Purpose: Postpartum opioid use remains common among women with uncomplicated vaginal delivery and may increase the risk of serious opioid-related events. Therefore, we examined the association between the dose of the first filled opioid prescription after vaginal delivery and the subsequent risk of serious opioid-related events.
Methods: We conducted a retrospective cohort study among women enrolled in Tennessee Medicaid with a vaginal delivery (2007-2015). We used Cox proportional hazards regression to model adjusted hazard ratios (aHRs) and 95% confidence intervals (CIs) for serious opioid-related events after delivery according to the dose (morphine milligram equivalents [MME]) of the first postpartum opioid prescription, accounting for comorbidities, medication use, parity, and delivery complications. Serious opioid-related events were defined as the occurrence of persistent opioid use, a methadone or buprenorphine fill, opioid use disorder diagnosis, opioid overdose, or opioid-related death. We used filled pharmacy data to characterize the dose of the first postpartum opioid prescription filled within 4 days after delivery.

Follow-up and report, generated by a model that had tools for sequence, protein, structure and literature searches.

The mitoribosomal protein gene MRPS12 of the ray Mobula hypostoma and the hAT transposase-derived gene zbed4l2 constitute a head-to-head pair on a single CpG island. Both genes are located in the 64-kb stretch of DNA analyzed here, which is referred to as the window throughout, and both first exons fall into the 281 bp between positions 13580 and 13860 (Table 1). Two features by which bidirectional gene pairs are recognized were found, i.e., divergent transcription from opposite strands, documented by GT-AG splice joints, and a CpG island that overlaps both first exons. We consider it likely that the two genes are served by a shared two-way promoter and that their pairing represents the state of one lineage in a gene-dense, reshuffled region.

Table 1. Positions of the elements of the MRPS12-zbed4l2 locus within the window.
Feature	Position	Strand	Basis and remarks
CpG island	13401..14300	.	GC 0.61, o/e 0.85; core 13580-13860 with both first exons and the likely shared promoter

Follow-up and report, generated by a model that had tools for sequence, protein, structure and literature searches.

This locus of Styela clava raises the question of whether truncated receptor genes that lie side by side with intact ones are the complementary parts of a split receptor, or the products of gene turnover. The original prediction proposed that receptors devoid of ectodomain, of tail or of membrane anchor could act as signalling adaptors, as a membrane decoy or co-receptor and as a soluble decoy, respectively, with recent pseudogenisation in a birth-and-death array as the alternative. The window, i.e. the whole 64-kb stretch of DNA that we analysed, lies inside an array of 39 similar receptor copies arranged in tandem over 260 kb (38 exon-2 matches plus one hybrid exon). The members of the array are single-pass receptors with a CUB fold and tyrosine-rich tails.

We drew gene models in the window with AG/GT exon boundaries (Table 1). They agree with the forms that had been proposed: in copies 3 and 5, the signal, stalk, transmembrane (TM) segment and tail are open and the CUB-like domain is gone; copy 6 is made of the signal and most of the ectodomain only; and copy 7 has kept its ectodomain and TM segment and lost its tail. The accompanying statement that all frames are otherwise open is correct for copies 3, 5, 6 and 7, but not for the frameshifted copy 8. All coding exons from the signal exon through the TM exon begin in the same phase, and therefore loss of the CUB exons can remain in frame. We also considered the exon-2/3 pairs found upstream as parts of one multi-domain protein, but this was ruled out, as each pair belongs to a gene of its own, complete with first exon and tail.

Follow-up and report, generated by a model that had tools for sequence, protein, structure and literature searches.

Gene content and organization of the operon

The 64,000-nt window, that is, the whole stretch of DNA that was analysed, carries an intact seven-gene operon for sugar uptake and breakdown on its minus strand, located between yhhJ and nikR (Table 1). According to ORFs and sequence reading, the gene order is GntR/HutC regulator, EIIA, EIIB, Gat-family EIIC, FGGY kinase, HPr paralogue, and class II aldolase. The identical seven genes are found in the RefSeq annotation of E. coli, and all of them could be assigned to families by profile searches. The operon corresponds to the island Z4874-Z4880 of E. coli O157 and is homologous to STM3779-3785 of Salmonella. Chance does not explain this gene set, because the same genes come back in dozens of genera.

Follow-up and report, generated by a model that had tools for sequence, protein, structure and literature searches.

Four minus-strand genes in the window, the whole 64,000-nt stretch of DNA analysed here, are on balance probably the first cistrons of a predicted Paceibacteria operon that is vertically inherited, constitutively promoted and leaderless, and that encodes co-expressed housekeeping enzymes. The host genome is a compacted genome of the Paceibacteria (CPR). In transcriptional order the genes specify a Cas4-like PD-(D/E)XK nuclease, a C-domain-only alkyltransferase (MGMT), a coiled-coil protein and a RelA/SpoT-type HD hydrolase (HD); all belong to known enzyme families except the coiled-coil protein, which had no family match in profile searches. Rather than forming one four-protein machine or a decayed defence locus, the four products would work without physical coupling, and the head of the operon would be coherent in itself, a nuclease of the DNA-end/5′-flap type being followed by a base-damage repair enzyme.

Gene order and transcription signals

Results: More than one-half of women (53.2%; n = 147,598) filled an opioid prescription within 4 days of a vaginal delivery. After accounting for baseline risk factors, filling a postpartum opioid prescription was associated with an increased risk of serious opioid-related events across all dose categories, compared with women filling none (aHR 1-99 MME, 1.52; 95% CI, 1.33-1.74; aHR 100-149 MME, 1.41; 95% CI, 1.26-1.58; aHR 150-199 MME, 1.40; 95% CI, 1.26-1.57: and aHR ≥200 MME, 1.60; 95% CI, 1.43-1.78).
Conclusions: Filling a postpartum opioid prescription after a vaginal delivery was associated with an increased risk of serious opioid-related events, regardless of dose. Prescribing guidelines should discourage the routine prescribing of opioids after vaginal delivery.
Copyright © 2021 Jacobs Institute of Women's Health. Published by Elsevier Inc. All rights reserved.